The reason Australians have more personal debt than ever

Experts say our obsession with real estate has seen the country plummet into debt.

As many of us know, there are different types of debt – some can be classified as “good” like a house purchase and some can be classified as “bad” like that red sports car you don’t actually need. 

However, it seems Australians are carrying more personal debt than every before with much of it stemming from our obsession with snapping up real estate. 

ABC’s Four Corners recently reported that Australia holds the “dubious” position of having the second highest level of household debt in the world and that for every one dollar earned, we’ve got two dollars of debt. 

Of course this isn’t true for all of us, but it seems the forces driving our debt-fuelled housing boom is posing a huge risk for the entire nation. 

Especially when you consider that if there is an increase in interest rates or a change in personal circumstance, many of us who are home owners or property investors will be unable to cope. 

Ad. Article continues below.

While industry regulators have increased pressure on lending requirements, it may be too late. 

“According to AMP research, the money people owe, in comparison to the money they earn has almost tripled in Australia over the last two decades, with the average household debt currently sitting around $245,000,” says Darren James, financial advisor for AMP.

“Looking at credit card debt alone, the average cardholder owes around $4,300 and is paying about $700 in interest annually. That’s more than $32 billion worth of credit card debt and over $5 billion in interest owed nationwide.”

James warns that Australia is currently in a significant period of economic uncertainty. 

“We need to ensure we’re helping consumers manage their way through this period and their debt,” he says.

Ad. Article continues below.

“We need to help them achieve their financial goals without having to live off credit cards until payday or sink deeper into debt. This would not only be catastrophic for their financial welfare but will also negatively impact the Australian economy, due to decreased consumer spending.”

He suggested the following tips to help achieve financial freedom: 

1. Budget, budget, budget

In the current environment, reviewing your household budget is a must-do. It’s a great way to ensure you are living within your means rather than relying on debt to maintain your lifestyle.

The best way to do this is to split your account into three, setting aside money for bills, savings and spending money.

Ad. Article continues below.

2. Shop around for the best deal

It’s important to shop around for major expenses. When your car or home and contents cover falls due for instance, don’t just pay the premium. Take a look and see if you could do better elsewhere.

Power bills are one area where many of us are feeling the financial heat, with over 82 per cent of Australians concerned about the current costs. Switching energy providers can provide savings. Although the sheer volume of comparison sites like GoSwitch or Energy Made Easy don’t always make it easy to know which provider offers the best deal, by looking back over previous power bills you should be able to form a reasonable picture of your usage patterns. Use this to narrow down the plan best suited to your needs and budget.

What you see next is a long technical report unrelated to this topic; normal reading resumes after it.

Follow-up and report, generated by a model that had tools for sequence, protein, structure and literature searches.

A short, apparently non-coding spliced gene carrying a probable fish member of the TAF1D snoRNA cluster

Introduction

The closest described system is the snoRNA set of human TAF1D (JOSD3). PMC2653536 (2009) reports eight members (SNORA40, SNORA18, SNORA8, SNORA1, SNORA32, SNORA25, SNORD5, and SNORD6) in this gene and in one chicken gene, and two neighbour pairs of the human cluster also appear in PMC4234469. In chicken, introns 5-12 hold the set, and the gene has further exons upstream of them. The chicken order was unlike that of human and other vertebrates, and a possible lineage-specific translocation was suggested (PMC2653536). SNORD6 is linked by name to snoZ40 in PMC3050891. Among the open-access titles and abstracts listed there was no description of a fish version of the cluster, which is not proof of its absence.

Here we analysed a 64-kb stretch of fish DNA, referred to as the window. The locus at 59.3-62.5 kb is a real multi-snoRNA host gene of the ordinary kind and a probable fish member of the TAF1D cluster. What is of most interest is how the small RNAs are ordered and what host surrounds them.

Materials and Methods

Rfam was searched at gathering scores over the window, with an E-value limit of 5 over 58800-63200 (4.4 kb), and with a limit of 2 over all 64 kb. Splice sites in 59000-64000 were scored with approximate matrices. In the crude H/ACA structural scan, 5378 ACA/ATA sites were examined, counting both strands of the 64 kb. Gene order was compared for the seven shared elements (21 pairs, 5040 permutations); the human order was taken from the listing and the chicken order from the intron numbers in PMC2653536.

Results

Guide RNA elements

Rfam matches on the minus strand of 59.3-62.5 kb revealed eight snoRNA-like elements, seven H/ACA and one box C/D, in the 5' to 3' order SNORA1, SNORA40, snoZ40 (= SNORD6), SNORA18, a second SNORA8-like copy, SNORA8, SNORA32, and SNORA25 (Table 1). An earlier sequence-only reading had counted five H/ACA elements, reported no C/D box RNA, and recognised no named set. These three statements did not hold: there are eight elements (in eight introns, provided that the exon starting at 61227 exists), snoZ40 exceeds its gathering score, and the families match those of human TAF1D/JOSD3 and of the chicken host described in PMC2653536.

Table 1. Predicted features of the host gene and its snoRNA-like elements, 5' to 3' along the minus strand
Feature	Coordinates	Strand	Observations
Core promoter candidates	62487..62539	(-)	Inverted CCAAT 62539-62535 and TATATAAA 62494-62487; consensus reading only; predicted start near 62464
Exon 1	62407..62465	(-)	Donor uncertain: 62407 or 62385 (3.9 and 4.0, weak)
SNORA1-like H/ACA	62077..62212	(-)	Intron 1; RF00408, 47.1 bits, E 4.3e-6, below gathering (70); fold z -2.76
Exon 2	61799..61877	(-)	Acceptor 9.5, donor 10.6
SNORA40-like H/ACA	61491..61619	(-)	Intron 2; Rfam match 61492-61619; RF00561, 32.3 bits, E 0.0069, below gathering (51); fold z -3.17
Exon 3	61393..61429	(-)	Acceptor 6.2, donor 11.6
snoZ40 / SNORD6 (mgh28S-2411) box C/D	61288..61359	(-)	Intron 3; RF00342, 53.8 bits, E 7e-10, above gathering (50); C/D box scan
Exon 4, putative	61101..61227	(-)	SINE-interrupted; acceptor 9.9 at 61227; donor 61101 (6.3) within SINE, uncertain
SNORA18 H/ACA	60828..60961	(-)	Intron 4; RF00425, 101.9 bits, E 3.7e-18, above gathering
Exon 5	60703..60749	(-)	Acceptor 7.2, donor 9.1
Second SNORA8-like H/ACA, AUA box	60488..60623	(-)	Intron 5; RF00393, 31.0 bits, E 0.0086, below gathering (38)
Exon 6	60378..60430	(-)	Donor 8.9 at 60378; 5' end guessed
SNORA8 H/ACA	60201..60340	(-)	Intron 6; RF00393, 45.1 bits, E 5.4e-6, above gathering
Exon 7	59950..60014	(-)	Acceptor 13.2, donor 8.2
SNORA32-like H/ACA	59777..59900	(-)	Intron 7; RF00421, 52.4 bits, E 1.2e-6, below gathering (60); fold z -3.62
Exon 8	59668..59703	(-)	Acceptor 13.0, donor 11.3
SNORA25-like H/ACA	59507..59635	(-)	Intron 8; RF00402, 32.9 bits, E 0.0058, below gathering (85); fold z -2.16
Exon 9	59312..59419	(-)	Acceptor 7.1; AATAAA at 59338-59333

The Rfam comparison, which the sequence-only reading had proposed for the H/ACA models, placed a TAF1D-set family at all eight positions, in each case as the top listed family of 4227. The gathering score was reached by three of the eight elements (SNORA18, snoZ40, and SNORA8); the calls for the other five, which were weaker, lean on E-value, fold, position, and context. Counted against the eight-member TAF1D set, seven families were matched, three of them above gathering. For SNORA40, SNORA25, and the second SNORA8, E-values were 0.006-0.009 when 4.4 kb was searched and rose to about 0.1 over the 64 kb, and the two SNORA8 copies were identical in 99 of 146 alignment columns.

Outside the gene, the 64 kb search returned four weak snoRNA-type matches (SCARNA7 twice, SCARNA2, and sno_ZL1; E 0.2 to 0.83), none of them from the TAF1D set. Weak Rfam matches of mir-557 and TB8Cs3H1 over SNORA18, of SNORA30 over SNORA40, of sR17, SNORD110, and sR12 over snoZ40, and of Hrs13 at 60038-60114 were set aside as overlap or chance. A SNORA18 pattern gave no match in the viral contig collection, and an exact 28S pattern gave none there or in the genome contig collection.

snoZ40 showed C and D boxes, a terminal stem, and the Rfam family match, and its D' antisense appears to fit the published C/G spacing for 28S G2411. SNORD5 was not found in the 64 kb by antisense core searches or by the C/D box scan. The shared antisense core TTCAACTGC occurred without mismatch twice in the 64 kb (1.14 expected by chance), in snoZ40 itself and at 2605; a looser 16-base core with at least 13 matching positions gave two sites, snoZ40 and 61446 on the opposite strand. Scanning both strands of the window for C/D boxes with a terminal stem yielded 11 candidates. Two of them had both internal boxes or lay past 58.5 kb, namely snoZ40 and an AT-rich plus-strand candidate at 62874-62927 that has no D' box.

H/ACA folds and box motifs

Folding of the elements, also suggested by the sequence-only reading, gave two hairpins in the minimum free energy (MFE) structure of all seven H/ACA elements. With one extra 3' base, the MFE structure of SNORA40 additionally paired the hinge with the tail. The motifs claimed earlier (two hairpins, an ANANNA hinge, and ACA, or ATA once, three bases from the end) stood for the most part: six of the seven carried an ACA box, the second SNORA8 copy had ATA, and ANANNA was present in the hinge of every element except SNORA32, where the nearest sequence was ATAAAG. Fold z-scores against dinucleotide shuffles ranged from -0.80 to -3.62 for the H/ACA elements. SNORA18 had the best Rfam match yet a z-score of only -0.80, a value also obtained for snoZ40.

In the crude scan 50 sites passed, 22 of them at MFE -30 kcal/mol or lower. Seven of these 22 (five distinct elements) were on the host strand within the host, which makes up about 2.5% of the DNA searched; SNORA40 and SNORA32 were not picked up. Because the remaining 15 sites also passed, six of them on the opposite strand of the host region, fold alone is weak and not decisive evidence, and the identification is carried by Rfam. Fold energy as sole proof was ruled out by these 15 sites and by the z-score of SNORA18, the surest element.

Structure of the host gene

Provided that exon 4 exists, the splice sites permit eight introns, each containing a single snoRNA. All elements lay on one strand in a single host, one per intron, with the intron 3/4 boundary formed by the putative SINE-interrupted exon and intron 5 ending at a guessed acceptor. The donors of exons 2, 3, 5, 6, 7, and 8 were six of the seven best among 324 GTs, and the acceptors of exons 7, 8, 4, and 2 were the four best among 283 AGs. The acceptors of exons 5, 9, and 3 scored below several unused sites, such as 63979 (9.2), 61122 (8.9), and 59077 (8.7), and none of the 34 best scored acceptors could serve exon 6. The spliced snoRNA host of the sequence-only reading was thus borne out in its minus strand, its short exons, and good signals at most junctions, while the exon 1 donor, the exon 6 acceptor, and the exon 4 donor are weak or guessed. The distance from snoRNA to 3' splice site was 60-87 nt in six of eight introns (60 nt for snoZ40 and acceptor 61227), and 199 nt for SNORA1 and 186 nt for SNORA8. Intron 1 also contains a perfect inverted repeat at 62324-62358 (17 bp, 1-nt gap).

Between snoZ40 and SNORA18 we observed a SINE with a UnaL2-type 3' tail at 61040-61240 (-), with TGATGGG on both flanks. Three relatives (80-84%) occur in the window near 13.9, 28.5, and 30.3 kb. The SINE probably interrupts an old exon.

There’s also a number of household items that can help reduce your bills over the long term. Check out these six things that could provide you with financial benefits over the long term.

3. Don’t overlook financial products but don’t take on more debt

Ad. Article continues below.

Fortunately, low wages growth is coinciding with historically low home loan interest rates. But credit card rates can still exceed 20 per cent, and on the average card debt of $3,100 you could be paying interest of more than $600 annually. Yet this cost can potentially be halved by switching to a lower rate card.

A balance transfer deal can help to knock off card debt if you knuckle down to pay off the balance during the zero or low interest period. The catch is that high rates can apply to new purchases, so the success of a balance transfer can hinge on sticking with your budget rather than relying on cards to pay for everyday expenses.

In fact, in today’s environment of low wage growth it can pay to be careful about taking on more debt. A rise in interest rates could leave you financially skewered. Paying with cash where possible has far less impact on our financial wellbeing, especially when it’s part of a sensible budget.

Read more: How cashless spending is creating a financially-illiterate generation

Do you worry about how much personal debt you’re carrying? 

Important information: The information provided on this website is of a general nature and for information purposes only. It does not take into account your objectives, financial situation or needs. It is not financial product advice and must not be relied upon as such. Before making any financial decision you should determine whether the information is appropriate in terms of your particular circumstances and seek advice from an independent licensed financial services professional.